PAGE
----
The Charlottesville Schools’ Equity Committee provided the Charlottesville School Board with updates on its work at its April 11 board meeting.
The board also voted to include Spanish as an elective at Walker Upper Elementary School, after having previously removed it, and approved two pre-engineering elective courses designed for students to explore STEM ahead of high school.
Equity Committee members Charlene Green and Beth Cheuk told the board that the body continues to receive community feedback, and added requests for a living wage provision and to diversify classes at Walker, Buford Elementary and Charlottesville High School to the division’s budget request.
African-American history classes also were designated as an honors-option to encourage more students to enroll in them.
Green and Cheuk also detailed the continued roll out of social-emotional learning, mental wellness initiatives and other initiatives.
“While new approaches arise and some changes are being rolled out, our intent is not to create a special program called equity or to add one more thing to what we are doing. Instead the idea is to use equity as the lens for evaluating and refining all of our programs,” Cheuk said.
The committee says it is listening to the demands that CHS’s Black Student Union detailed in their recent school walk out. One demand is increased campus security through installation of locked door and buzzer systems at schools that were lacking them. Those changes are already underway.
In her presentation, Cheuk said community feedback included hiring and supporting teachers of color, making tutoring easily available, promoting student diversity in classrooms and the support and retainment of effective teachers and principals.
She also noted that the work of the committee will take time.
“There will be no quick fixes. Equity work is complex. Critical foundation work may not be easily visible. Progress will be measured in years not months,” Cheuk said in her presentation. “Change is hard. Schools across the nation that are committed to equity find themselves criticized both for doing too much and for doing too little.”
Student school board representative and BSU chair Zyahna Bryant said that no one expects or is asking for an overnight solution.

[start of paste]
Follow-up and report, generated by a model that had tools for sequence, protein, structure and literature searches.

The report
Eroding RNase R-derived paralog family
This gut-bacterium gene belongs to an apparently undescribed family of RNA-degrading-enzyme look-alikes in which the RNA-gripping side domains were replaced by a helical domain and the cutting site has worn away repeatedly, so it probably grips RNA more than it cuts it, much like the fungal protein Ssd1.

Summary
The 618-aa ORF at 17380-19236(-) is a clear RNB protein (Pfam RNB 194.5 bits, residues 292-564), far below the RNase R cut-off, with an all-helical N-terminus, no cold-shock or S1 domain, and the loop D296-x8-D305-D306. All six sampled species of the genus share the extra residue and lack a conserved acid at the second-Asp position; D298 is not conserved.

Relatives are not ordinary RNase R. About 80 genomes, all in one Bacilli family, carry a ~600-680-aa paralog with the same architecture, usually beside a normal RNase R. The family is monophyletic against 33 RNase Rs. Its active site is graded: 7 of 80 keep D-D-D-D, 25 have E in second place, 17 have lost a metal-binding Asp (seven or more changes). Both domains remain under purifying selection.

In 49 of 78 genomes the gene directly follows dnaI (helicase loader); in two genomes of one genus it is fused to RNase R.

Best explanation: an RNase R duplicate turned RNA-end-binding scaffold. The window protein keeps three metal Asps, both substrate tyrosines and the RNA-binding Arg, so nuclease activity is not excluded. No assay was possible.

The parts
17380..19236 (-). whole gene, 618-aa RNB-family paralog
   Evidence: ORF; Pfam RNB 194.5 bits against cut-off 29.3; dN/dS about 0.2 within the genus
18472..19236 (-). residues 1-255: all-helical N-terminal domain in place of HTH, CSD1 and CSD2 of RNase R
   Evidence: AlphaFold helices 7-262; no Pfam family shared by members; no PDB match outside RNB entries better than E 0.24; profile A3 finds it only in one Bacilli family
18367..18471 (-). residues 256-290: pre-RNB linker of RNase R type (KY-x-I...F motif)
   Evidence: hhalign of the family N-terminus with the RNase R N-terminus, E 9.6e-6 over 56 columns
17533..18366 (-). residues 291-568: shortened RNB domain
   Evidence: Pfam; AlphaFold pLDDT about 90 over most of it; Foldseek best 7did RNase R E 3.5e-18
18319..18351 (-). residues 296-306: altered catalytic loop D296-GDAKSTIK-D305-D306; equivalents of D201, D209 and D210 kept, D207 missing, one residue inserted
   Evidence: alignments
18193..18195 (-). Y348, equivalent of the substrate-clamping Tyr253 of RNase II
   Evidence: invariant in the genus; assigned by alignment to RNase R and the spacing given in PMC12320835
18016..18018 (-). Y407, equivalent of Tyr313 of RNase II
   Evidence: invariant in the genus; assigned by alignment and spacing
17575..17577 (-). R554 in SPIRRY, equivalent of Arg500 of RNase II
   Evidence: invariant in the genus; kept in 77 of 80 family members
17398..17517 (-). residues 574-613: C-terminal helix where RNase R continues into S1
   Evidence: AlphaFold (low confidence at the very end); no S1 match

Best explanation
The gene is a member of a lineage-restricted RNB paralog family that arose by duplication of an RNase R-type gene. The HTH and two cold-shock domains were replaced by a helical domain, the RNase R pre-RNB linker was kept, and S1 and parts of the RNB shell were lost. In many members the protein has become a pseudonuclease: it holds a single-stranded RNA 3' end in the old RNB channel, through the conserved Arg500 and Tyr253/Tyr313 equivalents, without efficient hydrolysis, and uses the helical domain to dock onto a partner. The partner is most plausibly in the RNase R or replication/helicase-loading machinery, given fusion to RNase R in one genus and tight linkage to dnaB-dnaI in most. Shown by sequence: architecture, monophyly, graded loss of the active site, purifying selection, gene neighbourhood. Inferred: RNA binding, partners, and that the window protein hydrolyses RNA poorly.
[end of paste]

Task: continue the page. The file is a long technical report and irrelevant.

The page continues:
“I found the ‘sobering reality’ slide to be somewhat ironic, considering no one is really asking the board to have a magic wand,” Bryant said. “I think the sobering reality is that this is a generation problem. I think that it’s giving a bit of a weird illusion that perhaps we’re asking for there to be a quicker turnaround but in fact this conversation has been going on since the ’90s, the ’80s. I want us to be very clear about that.”
An Albemarle County resident who works in the city named Ken Horne spoke during the public comment period to express support for Bryant and the BSU.
“Folks have been trying to address this issue across the nation and we’re not getting the results that we need,” Horne said. “I think a lot of it has to do with not really addressing the institutional racism that a few of you have mentioned tonight. Not really addressing white supremacy and the way that it is embedded in all of these systems.”
Meanwhile, Green said that trust from the community will require the committee to be “very real” with how it approaches the work.
“I’ve been a part of way too many committees that have come together to address an issue — often in relation to equity and diversity — and then, a beautiful report is created and then we stick it up on the shelf and we pat ourselves on the back and say ‘well done’ until the next thing happens,” Green said. “We can’t do that. I’m tired of doing that, and I know our community is tired of us doing that.”
According to Green, the committee hold meeting on May 1.
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